Apron of Quilt Squares
All hand-stitched, from the colorful patches to the bias binding, even the waistband and ties. I'd expected even stitches from a treadle machine, but found tiny hand-sewing, one spot still sporting light blue basting thread. Made by Grandma Ruby? Or by her mother-in-law, Nellie Neal, who helped on the many family quilts. Did this apron see action at family dinners? The blue bias binding and trim make it festive enough for special occasions. Even more precious since a grandmother's hands set together the cheerful squares, some probably cut from feed or flour sacks.
This apron is a cousin to the one above, including some of the same fabrics, but this one is almost entirely sewn by treadle machine. There’s hand-stitching on the back of the waistband and bias binding.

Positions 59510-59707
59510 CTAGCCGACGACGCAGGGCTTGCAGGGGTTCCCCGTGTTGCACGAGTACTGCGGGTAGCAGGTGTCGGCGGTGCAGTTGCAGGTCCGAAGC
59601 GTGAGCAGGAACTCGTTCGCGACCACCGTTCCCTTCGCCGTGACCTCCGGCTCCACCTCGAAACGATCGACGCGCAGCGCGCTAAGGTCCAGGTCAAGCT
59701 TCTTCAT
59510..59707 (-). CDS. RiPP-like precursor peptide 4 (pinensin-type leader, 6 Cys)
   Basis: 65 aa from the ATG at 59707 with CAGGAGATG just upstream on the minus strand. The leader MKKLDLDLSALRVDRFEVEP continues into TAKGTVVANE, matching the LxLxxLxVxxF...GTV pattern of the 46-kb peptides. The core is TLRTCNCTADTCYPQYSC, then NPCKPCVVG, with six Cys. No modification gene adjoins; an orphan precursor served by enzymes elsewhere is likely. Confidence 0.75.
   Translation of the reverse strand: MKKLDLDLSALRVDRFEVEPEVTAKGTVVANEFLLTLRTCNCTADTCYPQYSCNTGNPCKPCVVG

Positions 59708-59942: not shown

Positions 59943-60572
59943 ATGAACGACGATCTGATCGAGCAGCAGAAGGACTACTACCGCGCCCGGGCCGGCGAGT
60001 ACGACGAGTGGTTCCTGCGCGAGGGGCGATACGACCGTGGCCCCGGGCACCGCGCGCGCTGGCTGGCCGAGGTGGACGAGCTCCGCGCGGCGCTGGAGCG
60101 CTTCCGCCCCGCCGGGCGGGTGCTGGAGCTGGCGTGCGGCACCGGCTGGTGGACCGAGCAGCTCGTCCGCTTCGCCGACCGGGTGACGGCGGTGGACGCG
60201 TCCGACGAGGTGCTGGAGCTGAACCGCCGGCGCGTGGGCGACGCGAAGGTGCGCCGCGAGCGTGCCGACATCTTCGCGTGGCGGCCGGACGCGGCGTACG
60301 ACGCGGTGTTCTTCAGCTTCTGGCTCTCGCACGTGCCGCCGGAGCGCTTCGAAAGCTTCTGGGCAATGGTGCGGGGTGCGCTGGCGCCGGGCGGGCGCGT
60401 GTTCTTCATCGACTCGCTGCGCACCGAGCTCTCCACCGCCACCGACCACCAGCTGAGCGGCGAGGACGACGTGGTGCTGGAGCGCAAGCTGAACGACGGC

Someone went to the trouble to whip-stitch the raw edges of the squares on the backsides of both aprons. She meant for these to last, and I’ve decided that these two aprons are “keepers.”
I remember seeing my grandmother wear similar aprons.
I started to write a story about Grandma Ruby’s aprons, needing to downsize the dozen I ended up with, then realized she’d already penned an apron story in her memoirs. She became my guest blogger for this one, which features her aprons. She was known more for the gingham ones with cross-stitch. That’s why this one caught my attention! I’m keeping it. https://joynealkidney.com/2021/01/22/grandmas-apron-guest-blogger-grandma-ruby-blohm-neal/
Those two aprons are definitely keepers!
Wish I could keep them all. Alas.
I know just what you mean.
Well I just love them both. True treasures Joy 🙂
Such lovely aprons…just beautiful!
What delightful heirlooms, Joy! They are beautiful pieces.
This poem reminds me of the tablecloth my grandmother embroidered for me when I married my husband I love your poetry. I look forward to reading more.
Thank you so much for your note.